The World’s Most Comprehensive Resource for Scientists Transitioning to Industry

by David Jensen If you want to get hired in industry, you first need to know what they’re talking about, right?

by David Jensen Job seekers need to be able to interpret the jargon used in job ads and interviews.

Should you?

by David Jensen There’s more common ground between industry and academia than you think.

by Beryl Lieff Benderly An essay in Molecular Biology of the Cell describes what it’s like to work as a scientist in the biotech industry.

by Elisabeth Pain There are restrictions and limitations on doing for-profit science, but there are also many advantages to joining industry.

by David Jensen Answering these six questions can help you choose your career path without having to make major course corrections.

by David Jensen Answering these six questions can help you choose your career path without having to make major course corrections.

by David Jensen A job in industry has much to recommend it, but it’s not always the right answer. The best advice, says David Jensen, is to look before you make the leap to industry.

Searching and finding

by Peter Fiske Maybe you can’t find a job for the same reason you can’t get a date. 

Peter Fiske You need to put on your scuba gear, get out your spear gun, and go to where the rare fish live.

by David Jensen Many technical professionals don’t like the job search because they think they have to be insincere to do well. Not true, says our Tooling Up columnist.

by David Jensen To get a job, defy the herd.

by David Jensen There are certain things about the job search that everybody knows. The problem is, many of them aren’t true.

by David Jensen Finding a job in 2009 will take a perfect plan, perseverance, and a positive attitude.

by David Jensen Is there hope these days for scientists who enter graduate school expecting to be trained for employment outside the ivory tower?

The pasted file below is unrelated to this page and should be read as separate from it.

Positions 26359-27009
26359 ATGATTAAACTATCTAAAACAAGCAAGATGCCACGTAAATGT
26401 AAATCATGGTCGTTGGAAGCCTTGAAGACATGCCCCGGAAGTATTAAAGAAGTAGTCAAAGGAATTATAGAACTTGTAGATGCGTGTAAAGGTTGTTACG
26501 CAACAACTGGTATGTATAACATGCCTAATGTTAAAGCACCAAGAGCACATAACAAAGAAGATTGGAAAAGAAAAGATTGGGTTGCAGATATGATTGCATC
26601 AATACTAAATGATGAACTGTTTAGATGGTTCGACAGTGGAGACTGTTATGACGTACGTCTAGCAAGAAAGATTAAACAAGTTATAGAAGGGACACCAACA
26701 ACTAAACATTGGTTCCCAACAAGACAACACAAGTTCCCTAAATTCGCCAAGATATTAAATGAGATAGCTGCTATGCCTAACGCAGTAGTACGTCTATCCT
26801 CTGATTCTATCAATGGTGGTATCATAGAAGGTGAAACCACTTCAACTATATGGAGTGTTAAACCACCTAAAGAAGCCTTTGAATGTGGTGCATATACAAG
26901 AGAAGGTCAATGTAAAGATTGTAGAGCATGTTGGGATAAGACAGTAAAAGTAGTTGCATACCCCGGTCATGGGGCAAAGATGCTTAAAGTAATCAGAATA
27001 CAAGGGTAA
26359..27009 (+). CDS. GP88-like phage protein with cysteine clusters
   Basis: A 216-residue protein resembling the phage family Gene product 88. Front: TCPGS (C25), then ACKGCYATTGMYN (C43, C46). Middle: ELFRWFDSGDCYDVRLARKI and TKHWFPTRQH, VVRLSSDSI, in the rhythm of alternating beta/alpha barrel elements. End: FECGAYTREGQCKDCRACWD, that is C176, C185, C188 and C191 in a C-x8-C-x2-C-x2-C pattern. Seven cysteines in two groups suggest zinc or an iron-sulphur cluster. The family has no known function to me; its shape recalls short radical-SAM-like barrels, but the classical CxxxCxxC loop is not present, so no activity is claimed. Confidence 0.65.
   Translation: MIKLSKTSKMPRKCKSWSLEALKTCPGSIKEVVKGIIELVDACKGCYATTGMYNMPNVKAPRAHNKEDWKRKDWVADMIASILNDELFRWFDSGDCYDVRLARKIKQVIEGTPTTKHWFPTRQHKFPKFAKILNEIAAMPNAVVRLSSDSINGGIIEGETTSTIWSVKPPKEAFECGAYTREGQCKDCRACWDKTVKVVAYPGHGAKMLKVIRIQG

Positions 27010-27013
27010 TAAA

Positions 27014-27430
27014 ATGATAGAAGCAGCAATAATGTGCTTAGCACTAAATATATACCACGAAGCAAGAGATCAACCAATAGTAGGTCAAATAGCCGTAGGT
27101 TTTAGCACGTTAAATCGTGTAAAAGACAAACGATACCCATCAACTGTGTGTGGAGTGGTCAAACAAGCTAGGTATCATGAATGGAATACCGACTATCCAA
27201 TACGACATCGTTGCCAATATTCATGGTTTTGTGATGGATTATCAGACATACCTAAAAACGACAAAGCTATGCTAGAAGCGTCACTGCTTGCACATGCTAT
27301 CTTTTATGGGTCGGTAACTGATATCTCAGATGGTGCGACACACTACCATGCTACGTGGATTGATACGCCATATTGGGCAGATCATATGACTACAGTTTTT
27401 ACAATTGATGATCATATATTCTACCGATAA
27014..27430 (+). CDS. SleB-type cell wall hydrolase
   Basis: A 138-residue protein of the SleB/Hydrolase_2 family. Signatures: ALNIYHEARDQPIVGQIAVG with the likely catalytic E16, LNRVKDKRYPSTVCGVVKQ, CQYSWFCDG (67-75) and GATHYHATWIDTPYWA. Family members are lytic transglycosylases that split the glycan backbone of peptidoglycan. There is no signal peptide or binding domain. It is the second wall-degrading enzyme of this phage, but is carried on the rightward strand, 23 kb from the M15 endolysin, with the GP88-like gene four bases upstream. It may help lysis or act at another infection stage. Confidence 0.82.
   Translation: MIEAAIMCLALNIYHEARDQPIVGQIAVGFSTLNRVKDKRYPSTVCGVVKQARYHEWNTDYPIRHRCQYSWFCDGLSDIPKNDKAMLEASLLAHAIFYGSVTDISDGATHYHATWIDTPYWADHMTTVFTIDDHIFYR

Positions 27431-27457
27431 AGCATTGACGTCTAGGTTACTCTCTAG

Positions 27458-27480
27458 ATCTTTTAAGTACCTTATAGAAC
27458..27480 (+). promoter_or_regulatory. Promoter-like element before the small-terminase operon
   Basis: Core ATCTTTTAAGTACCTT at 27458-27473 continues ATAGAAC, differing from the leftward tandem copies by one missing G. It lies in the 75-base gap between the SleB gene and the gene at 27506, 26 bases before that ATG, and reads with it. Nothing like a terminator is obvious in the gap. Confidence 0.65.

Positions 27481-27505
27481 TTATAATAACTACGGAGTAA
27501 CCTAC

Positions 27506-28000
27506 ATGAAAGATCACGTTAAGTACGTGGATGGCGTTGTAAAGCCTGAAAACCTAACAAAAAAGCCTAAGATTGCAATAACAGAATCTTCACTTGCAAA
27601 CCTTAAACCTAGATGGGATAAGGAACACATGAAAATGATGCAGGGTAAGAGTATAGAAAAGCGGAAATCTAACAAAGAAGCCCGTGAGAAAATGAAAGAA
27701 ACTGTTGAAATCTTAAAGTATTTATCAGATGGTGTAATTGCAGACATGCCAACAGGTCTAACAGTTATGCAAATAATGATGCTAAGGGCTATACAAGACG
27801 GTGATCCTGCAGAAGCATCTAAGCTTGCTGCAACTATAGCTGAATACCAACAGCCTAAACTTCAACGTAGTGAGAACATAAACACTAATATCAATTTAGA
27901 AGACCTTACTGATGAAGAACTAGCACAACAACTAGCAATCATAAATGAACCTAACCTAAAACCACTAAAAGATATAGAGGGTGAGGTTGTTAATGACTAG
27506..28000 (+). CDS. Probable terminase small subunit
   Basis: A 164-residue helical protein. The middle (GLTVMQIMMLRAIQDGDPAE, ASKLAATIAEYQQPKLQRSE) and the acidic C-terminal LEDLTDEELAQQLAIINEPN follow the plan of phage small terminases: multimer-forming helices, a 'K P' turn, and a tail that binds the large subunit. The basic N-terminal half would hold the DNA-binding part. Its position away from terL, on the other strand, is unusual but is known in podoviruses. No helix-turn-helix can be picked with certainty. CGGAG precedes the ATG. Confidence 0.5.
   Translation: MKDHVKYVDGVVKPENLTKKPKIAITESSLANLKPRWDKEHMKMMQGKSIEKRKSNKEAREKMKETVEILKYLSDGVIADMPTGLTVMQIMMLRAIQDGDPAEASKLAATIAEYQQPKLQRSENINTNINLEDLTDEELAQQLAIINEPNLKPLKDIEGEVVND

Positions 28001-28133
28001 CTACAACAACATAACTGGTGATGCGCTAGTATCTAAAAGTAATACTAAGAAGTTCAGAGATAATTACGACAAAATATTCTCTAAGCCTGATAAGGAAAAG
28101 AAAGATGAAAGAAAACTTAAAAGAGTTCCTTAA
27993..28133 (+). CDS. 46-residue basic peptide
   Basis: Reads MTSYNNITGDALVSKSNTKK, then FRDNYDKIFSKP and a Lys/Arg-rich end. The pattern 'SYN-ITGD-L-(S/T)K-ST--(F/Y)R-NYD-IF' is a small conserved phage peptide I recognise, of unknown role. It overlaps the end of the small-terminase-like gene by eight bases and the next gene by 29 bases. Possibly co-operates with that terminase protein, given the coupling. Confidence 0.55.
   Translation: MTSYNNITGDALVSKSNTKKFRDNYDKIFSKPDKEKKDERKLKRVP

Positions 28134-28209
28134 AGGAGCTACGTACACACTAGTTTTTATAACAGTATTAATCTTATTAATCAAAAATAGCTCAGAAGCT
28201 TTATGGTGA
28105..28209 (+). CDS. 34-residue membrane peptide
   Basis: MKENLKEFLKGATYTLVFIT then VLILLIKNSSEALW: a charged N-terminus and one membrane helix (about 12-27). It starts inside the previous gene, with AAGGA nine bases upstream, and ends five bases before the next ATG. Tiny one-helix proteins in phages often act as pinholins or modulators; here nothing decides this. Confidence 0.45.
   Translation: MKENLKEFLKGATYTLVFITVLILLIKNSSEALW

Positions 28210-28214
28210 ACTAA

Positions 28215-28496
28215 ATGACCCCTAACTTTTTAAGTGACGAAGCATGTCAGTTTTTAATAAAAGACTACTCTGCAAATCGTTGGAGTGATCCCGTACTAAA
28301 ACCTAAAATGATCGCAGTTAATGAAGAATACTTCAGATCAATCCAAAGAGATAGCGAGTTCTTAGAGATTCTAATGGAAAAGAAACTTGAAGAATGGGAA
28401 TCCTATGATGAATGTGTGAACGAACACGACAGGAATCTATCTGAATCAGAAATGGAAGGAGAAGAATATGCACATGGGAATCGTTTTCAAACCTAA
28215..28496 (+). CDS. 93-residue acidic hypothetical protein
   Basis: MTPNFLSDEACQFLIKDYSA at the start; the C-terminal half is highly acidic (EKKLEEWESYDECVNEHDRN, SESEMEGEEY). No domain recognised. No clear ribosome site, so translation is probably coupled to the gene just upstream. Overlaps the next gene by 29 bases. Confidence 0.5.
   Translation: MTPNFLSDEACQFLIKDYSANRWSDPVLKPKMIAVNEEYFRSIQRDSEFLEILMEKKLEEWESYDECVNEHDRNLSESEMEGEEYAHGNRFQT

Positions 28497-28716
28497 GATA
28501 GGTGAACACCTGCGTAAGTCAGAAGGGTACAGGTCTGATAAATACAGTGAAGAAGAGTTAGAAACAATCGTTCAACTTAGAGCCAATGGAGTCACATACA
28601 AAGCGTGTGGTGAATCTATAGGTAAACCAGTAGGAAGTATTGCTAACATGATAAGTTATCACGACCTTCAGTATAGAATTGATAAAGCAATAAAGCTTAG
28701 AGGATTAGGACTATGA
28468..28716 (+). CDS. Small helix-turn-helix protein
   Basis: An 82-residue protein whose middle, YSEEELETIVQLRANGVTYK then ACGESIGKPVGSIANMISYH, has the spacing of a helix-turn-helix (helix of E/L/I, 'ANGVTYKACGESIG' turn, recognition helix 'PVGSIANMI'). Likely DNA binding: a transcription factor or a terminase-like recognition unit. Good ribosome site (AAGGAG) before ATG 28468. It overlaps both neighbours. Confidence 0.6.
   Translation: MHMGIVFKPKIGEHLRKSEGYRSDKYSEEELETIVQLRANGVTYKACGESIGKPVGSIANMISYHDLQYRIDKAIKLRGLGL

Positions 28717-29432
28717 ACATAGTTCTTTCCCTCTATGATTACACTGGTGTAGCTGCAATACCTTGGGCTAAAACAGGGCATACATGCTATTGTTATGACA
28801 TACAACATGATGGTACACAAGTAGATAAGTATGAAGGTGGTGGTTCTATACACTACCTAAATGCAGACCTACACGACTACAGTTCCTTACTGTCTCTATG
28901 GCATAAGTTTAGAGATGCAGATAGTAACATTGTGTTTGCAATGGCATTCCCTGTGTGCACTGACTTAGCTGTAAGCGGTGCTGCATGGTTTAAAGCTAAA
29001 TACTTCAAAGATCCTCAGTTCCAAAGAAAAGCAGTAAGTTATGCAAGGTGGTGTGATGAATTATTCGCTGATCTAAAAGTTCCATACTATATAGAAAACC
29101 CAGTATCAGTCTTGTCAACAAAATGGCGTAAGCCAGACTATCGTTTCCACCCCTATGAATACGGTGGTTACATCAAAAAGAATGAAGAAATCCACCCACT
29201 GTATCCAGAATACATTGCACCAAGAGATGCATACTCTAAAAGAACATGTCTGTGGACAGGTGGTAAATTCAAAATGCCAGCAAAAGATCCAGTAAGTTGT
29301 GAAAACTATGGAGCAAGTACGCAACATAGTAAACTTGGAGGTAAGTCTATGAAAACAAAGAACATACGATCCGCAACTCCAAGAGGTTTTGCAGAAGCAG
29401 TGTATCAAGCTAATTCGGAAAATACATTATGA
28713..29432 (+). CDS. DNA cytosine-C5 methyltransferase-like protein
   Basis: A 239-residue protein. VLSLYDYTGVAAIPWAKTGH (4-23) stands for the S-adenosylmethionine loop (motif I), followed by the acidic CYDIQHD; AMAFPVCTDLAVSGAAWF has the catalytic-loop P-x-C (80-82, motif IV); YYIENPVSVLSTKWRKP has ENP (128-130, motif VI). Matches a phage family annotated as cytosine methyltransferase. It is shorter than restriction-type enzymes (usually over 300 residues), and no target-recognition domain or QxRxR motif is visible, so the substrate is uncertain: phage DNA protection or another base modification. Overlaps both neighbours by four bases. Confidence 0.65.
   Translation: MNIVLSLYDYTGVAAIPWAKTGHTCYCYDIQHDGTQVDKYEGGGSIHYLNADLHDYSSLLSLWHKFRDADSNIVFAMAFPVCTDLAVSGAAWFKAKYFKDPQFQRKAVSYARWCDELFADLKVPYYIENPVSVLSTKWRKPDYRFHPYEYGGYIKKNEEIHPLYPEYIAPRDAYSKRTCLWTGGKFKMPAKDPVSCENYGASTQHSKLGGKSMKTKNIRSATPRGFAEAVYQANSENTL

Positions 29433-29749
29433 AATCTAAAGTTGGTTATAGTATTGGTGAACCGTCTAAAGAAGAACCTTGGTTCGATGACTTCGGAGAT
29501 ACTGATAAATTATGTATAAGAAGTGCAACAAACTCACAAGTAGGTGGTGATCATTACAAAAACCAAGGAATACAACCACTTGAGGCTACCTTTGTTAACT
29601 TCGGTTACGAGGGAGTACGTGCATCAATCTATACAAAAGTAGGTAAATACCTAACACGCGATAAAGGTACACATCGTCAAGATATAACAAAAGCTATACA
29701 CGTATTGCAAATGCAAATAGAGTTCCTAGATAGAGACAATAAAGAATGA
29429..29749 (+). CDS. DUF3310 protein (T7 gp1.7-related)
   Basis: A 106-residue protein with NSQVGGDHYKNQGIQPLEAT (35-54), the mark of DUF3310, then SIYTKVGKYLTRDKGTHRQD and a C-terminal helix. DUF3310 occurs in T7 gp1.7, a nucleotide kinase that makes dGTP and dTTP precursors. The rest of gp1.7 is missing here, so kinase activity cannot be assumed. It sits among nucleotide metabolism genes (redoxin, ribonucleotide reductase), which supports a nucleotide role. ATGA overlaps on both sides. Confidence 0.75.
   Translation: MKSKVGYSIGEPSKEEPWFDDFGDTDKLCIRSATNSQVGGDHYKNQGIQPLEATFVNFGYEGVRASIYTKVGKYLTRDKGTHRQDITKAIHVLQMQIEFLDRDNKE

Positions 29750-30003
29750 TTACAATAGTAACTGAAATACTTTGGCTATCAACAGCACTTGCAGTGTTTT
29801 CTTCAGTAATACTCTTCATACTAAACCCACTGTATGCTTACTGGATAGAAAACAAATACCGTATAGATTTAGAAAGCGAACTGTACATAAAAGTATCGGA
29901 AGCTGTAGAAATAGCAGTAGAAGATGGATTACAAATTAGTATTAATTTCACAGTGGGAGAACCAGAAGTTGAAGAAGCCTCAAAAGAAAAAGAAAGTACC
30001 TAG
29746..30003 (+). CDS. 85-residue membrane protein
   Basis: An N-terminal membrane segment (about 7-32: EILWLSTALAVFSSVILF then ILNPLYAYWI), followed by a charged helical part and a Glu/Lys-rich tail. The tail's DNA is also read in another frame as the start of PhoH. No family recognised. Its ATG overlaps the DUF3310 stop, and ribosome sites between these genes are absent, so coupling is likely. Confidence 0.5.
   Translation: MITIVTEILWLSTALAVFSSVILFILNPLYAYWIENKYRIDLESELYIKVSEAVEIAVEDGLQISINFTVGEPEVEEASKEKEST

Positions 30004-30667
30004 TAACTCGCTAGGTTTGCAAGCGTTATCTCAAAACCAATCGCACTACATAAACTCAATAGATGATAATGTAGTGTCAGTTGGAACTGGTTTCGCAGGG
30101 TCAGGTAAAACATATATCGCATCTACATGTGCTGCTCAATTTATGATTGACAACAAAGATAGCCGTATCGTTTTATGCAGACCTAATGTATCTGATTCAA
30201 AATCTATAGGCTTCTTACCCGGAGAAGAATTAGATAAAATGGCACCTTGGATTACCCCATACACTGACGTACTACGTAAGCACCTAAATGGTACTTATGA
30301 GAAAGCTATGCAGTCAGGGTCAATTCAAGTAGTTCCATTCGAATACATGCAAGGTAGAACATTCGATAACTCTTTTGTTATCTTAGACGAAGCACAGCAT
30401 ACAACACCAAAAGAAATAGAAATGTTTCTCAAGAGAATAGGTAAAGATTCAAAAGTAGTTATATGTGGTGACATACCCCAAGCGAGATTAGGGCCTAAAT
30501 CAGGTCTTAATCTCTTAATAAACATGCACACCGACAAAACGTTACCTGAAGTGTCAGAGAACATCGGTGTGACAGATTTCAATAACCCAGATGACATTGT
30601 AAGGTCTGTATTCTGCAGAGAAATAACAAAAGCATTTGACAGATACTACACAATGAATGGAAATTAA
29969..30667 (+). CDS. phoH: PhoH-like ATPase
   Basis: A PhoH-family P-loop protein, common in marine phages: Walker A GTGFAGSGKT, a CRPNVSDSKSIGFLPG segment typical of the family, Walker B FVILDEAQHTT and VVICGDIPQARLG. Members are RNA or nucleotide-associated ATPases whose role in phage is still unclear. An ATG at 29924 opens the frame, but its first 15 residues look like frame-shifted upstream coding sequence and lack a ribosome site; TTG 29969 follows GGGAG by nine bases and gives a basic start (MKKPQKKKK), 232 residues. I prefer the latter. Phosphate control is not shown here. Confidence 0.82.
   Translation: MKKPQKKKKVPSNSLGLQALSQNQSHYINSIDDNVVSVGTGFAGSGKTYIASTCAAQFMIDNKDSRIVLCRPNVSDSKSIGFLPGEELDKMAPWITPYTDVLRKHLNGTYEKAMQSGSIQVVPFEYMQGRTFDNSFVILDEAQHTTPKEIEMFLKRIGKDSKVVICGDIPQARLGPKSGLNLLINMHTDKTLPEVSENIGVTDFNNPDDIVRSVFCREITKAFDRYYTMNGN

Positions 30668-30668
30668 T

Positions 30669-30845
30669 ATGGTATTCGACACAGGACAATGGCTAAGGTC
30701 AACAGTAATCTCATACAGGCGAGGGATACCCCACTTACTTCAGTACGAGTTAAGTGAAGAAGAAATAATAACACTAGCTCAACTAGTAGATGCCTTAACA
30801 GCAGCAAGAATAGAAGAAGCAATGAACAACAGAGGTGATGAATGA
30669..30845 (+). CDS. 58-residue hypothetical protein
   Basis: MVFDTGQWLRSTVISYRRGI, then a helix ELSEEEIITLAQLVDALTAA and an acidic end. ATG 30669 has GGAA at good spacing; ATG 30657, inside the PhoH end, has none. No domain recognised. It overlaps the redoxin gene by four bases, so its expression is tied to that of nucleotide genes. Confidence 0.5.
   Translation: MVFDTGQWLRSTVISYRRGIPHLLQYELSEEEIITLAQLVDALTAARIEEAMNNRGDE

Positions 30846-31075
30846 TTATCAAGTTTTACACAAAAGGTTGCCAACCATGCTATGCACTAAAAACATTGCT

by David Jensen The key to a successful job hunt is to precisely target particular jobs and to demonstrate that you can solve the hiring manager’s particular problem.

by David Jensen A successful job search involves more than posting your resume on the Web. Here are some pointers for honing your job-seeking skills.

by David Jensen If the usual rules aren’t working, you may need to bend or break them to get the juices—and your job search—flowing.

by David Jensen “Guerrilla marketing” was developed for resource-poor small businesses, which is why it works so well for scientific job seekers. Who’s shorter on resources than a postdoc.

by David Jensen Which approach works best: slick, ingratiating responses or being real? It’s a bit of both, really.

by David Jensen Networking is the process of establishing links between people, with the intent to promote communication of mutual benefit.

by David Jensen There are some credentials that no one ever talks about.

David Jensen There are times when you should reject the advice of your mentors.

Getting hired

by David Jensen Some of the things you hear during the job search are about as silly as a bad pickup line.

by David Jensen Your chances of finding a job improve if you are considered a candidate and not just an applicant.

by David Jensen In a variety of job-seeking contexts, the right choice of words can make a big difference.

by David Jensen In a job market where even entry-level jobs are going to people with industry experience, how can you compete?

by David Jensen When moving away from the bench and into the business side of industry, it’s important for scientists to realize that there’s not just one gaping chasm to cross, but two.

by David Jensen Need to find out who’s who inside a company? Here’s how the pros do it.

by David Jensen In industry these days, verbal recommendations mean a lot more than those written on paper.

by David Jensen To go beyond “good enough,” think hard about the needs of the hiring manager and the position.

by David Jensen There’s little consensus among experts on what constitutes a good CV or resume. But it is possible to identify some common threads in their advice.

by David Jensen Here’s what happens when you send in your C.V.

by David Jensen When it comes to how job applications are processed by companies, some things have changed—but others haven’t.

by David Jensen Avoid these rookie mistakes and place yourself among the top 20% of applicants for jobs in industry.

by David Jensen From a networking standpoint, the purpose of a scientific meeting is to accumulate connections and thereby improve your odds of professional success.